Leisure Practices and Tourism Development
In the Asia-Pacific region we are experiencing socio-political and economic changes as well as uncertainty and turbulence created by terrorist activity, intranational strife and conflict and environmental catastrophes like tsunamis. This is a region experiencing transmigration by large numbers of people for business purposes, and migration for humanitarian, employment and political reasons. These various migrations have contributed to increasing cultural diversity in the region and in particular nations. The outcomes of such movement include: issues of citizenship, debates about the appropriateness of educational qualifications; questions about visas and multicultural policies; exploitation of labour; health issues and quarantine of particular goods and products; questions about cultural awareness and sensitivities in regards to the provision of services in the areas of tourism and leisure as well as racism, prejudice, discrimination and xenophobia; environmental degradation and sustainability associated with population increases and tourism. Developments in transnationalism and tourism have had important implications for the training of service providers and the raising of questions about the quality of services particularly in the areas of tourism, hospitality, recreation and leisure. Further, this leads to considerations of the cultural sensitivity of concepts and theories being used in cross-cultural comparative research especially in the area of leisure practices and tourism developments. Given the gendered and ethnic nature of migration as well as leisure behaviour, planning and policy making it is important that consideration be given to cultural appropriateness of the tools used to investigate these phenomena. The above attempts to provide a context for this paper which will discuss the issues surrounding the impacts of ever increasing numbers of tourism developments on leisure practices of local communities and individuals on the eastern seaboard of Australia. These developments include environmental, cultural, educational, social and cultural impacts. Locals often protest for example, that these tourist developments sometimes associated with 'big events' like international football competitions or car rallies are paid for from local taxes and rates which benefit the tourists but have few benefits for local communities. Occasionally these developments can mean the building of 'big facilities' which have the potential of becoming 'white elephants' if short-term gains are not linked with longer-term planning of local consequences. As well, this paper will address the implications of the tourist developments on the leisure behaviour and practices of locals but more particularly will explore the sensitivity of available research instruments in the field of leisure studies for investigating the interactions of diverse socio-cultural groups in these leisure and tourism contexts.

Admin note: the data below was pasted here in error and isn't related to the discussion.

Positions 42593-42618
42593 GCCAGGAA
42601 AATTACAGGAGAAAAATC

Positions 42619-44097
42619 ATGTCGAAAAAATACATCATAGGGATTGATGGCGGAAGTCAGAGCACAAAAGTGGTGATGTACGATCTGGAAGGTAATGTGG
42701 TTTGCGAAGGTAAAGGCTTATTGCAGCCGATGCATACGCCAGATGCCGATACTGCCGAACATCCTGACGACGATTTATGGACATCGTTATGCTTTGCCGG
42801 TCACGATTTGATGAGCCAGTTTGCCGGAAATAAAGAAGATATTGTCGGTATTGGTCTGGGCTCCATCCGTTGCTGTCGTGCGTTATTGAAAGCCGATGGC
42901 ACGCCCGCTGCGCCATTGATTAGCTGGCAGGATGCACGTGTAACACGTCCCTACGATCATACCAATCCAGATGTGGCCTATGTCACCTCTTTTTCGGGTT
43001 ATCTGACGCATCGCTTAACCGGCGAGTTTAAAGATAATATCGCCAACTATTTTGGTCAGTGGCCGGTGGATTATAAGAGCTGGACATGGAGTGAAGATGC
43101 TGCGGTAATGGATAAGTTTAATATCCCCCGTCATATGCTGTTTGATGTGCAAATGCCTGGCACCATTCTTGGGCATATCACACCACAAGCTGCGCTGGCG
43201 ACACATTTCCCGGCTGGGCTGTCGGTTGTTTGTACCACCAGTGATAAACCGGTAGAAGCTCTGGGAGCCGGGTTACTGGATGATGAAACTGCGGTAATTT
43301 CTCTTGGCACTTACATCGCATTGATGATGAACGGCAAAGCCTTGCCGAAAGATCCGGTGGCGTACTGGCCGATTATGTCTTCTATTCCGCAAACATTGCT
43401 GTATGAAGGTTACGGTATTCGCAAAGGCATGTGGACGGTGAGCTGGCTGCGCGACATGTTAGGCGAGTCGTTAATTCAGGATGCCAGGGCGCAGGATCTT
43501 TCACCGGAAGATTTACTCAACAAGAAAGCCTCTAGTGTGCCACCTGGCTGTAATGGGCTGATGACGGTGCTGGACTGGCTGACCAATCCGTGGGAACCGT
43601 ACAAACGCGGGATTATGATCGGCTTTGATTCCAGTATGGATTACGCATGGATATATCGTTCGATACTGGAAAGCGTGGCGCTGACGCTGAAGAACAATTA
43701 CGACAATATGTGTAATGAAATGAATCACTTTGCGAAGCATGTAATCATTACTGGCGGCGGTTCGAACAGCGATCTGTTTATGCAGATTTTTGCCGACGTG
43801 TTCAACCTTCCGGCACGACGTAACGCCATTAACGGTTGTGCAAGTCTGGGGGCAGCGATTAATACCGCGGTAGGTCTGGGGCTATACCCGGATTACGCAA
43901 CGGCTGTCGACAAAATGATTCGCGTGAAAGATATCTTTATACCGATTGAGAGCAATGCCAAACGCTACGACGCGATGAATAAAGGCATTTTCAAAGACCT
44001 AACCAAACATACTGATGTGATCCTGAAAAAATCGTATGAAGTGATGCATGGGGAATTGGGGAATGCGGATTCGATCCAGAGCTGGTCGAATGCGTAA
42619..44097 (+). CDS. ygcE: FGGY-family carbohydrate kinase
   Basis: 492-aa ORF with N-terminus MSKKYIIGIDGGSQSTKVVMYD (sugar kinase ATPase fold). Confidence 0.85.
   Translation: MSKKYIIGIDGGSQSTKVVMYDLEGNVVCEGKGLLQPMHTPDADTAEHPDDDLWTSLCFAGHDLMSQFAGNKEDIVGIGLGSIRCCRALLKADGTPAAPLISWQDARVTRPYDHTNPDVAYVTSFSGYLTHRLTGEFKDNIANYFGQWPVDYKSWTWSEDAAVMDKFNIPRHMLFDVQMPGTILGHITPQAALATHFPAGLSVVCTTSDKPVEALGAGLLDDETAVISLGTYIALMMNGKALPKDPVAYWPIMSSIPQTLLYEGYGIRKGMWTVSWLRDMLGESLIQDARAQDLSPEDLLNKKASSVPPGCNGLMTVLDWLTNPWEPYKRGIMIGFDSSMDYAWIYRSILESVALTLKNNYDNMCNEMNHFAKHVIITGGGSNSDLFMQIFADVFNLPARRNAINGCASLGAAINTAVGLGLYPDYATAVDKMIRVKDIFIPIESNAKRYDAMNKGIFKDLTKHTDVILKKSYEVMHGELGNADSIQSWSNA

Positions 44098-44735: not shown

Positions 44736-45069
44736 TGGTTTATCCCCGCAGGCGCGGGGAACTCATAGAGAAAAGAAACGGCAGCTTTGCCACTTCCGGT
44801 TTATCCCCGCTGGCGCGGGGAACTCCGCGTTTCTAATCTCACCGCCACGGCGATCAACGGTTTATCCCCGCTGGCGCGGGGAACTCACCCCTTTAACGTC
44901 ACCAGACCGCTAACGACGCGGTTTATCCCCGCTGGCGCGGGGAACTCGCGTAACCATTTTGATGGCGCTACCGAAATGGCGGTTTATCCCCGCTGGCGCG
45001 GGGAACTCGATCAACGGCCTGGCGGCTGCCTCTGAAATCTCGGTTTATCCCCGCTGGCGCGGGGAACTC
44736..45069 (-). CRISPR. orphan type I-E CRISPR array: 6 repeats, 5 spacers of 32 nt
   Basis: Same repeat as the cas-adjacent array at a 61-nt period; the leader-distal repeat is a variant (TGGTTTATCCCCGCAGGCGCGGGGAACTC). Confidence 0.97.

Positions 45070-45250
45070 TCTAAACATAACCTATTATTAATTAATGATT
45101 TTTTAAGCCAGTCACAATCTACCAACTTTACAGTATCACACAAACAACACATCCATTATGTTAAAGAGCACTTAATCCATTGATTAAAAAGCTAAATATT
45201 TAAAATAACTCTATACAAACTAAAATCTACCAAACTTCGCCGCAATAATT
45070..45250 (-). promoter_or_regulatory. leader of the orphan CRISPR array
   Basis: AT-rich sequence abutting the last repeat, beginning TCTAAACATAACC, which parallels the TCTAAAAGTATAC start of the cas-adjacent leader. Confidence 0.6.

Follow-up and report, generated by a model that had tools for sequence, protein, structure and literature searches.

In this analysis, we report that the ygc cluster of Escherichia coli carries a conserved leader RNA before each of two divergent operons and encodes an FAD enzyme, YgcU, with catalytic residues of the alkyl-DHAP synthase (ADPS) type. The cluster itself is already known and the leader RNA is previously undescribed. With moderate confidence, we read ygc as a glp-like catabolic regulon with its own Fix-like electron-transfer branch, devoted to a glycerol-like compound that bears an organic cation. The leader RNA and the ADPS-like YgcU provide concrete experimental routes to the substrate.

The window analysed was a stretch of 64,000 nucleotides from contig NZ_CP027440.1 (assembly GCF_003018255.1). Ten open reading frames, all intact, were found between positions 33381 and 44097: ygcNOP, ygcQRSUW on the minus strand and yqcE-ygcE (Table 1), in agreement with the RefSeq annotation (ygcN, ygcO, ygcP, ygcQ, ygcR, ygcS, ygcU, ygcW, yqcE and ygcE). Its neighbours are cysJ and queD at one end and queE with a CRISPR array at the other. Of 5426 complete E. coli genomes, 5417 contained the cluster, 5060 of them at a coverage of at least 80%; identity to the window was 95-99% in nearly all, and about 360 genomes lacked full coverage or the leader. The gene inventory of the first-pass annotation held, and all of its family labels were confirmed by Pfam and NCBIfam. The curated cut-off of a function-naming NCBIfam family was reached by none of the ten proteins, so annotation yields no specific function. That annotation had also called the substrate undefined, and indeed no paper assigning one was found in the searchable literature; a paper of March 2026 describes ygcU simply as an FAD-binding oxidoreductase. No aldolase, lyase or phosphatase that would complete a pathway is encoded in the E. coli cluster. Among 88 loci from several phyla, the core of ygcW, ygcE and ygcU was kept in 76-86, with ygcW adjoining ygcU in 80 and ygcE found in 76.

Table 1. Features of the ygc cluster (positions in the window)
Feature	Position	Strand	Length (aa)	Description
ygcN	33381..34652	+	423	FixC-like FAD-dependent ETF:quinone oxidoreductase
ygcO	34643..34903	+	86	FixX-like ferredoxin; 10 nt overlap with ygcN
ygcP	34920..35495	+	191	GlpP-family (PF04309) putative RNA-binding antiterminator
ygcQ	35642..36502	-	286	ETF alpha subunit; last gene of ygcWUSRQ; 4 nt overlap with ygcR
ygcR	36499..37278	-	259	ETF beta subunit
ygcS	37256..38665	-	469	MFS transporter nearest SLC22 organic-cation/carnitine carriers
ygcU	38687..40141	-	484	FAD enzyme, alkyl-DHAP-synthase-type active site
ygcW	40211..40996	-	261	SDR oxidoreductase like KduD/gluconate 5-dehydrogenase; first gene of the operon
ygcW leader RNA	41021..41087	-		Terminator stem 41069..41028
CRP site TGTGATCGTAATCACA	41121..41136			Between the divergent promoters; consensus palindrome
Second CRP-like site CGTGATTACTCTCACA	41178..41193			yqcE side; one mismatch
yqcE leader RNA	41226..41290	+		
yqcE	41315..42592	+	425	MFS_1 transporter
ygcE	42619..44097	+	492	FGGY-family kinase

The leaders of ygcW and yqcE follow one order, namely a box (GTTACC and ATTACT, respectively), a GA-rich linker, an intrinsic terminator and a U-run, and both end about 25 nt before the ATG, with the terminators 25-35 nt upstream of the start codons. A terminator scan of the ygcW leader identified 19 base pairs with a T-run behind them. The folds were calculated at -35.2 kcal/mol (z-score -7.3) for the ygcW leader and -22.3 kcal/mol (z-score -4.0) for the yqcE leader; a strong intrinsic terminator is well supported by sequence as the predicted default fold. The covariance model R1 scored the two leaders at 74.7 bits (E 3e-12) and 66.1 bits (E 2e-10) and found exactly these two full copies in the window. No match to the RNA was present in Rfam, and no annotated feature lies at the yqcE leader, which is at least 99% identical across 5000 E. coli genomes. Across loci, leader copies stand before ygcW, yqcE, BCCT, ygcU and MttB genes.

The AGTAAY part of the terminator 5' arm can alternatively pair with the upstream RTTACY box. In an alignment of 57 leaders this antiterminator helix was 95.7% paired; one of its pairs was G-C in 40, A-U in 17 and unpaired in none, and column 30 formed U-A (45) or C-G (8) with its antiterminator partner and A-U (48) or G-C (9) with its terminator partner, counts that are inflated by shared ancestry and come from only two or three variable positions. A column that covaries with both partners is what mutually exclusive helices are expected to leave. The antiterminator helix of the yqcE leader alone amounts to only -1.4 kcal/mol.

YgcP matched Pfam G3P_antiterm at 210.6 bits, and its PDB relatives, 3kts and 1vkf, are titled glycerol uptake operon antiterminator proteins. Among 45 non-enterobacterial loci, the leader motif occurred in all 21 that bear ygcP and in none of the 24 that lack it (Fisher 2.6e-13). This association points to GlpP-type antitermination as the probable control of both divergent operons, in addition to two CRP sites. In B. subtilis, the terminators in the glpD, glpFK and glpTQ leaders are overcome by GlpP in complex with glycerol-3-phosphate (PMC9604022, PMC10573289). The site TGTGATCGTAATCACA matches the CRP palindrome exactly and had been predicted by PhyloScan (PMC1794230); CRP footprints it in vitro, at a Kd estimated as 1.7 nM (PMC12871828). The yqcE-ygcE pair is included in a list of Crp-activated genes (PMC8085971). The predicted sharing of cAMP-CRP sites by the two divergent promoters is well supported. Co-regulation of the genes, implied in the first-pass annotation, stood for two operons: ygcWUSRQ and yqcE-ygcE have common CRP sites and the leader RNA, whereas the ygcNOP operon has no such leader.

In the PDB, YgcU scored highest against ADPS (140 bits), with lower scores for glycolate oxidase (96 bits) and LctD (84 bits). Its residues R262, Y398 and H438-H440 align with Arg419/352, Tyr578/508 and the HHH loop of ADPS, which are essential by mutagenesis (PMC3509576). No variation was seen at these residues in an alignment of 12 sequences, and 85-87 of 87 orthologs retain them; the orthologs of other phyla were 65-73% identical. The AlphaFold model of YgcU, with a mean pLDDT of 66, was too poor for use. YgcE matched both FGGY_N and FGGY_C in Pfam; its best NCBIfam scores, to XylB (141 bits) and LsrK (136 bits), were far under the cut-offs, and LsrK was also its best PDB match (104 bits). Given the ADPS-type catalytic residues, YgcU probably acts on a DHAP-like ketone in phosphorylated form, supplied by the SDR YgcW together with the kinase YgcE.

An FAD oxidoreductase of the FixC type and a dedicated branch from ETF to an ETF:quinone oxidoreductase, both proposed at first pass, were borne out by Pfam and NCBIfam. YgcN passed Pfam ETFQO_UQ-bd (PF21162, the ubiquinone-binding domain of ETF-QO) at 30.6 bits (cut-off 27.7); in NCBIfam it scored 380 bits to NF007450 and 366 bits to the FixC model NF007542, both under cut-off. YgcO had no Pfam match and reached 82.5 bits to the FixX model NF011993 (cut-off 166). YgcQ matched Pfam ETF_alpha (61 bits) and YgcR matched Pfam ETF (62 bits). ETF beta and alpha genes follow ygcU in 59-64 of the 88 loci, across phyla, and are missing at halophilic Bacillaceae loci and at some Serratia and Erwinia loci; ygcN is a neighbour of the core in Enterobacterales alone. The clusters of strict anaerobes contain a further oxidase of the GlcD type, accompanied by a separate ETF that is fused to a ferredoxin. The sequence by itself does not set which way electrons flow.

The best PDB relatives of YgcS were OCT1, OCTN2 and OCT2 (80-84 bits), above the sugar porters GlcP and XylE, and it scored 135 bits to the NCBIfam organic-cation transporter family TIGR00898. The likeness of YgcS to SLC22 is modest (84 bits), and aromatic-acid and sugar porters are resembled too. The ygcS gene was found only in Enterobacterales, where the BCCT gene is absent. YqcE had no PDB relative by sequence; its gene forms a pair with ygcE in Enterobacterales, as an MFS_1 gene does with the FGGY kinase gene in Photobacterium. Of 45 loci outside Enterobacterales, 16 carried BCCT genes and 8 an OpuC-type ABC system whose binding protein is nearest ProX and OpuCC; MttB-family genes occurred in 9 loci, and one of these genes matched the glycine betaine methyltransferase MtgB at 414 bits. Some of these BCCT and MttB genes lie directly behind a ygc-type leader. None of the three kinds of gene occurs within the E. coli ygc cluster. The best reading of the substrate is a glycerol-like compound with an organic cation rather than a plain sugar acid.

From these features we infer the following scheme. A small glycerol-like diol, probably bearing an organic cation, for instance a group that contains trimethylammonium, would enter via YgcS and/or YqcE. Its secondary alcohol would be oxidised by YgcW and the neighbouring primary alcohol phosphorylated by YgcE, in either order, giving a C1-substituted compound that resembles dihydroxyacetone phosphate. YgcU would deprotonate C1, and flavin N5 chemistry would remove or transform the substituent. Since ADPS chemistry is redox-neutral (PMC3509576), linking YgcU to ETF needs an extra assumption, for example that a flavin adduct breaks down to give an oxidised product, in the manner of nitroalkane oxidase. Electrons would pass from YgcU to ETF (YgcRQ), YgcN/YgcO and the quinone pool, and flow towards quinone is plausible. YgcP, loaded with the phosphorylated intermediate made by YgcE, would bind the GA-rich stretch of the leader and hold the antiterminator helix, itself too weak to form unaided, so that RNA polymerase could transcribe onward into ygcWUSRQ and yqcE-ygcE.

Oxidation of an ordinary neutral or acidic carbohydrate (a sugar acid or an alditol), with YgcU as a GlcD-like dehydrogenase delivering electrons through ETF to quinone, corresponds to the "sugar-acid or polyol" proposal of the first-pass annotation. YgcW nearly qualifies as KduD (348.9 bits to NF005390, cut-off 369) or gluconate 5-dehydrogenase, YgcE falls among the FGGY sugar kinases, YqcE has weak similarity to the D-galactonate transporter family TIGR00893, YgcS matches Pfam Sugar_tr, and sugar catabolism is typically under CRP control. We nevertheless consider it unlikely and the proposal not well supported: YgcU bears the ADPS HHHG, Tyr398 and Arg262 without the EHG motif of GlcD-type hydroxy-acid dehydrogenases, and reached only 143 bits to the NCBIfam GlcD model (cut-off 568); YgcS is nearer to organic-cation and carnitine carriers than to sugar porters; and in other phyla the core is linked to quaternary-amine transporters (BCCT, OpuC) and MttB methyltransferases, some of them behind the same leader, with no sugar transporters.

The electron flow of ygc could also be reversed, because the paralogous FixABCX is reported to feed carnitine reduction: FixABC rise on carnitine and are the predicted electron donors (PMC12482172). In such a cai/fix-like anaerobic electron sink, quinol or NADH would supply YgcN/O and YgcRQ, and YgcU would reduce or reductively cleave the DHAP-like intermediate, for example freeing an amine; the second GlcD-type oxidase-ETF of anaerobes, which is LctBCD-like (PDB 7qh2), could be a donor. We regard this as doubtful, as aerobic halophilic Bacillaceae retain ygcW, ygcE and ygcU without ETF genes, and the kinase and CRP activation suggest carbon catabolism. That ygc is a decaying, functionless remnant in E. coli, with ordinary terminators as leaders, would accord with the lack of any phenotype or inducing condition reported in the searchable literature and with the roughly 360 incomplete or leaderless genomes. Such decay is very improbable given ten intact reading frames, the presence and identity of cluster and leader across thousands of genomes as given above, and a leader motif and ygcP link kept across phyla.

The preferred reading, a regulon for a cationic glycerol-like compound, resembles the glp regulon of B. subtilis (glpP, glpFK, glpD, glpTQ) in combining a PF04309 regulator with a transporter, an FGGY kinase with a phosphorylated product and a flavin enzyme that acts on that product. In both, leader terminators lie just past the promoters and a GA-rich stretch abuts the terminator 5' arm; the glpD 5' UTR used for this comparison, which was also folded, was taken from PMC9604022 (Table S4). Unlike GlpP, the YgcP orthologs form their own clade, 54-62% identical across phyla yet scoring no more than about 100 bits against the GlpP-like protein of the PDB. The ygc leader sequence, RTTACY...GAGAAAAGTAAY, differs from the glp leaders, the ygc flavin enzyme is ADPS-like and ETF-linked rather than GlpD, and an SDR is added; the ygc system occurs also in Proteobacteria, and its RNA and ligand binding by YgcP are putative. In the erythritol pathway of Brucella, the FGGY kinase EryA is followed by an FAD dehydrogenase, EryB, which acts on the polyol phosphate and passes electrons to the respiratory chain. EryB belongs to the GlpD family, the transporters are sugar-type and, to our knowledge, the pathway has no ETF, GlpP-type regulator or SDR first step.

Modern Leisure Practices and Tourism Development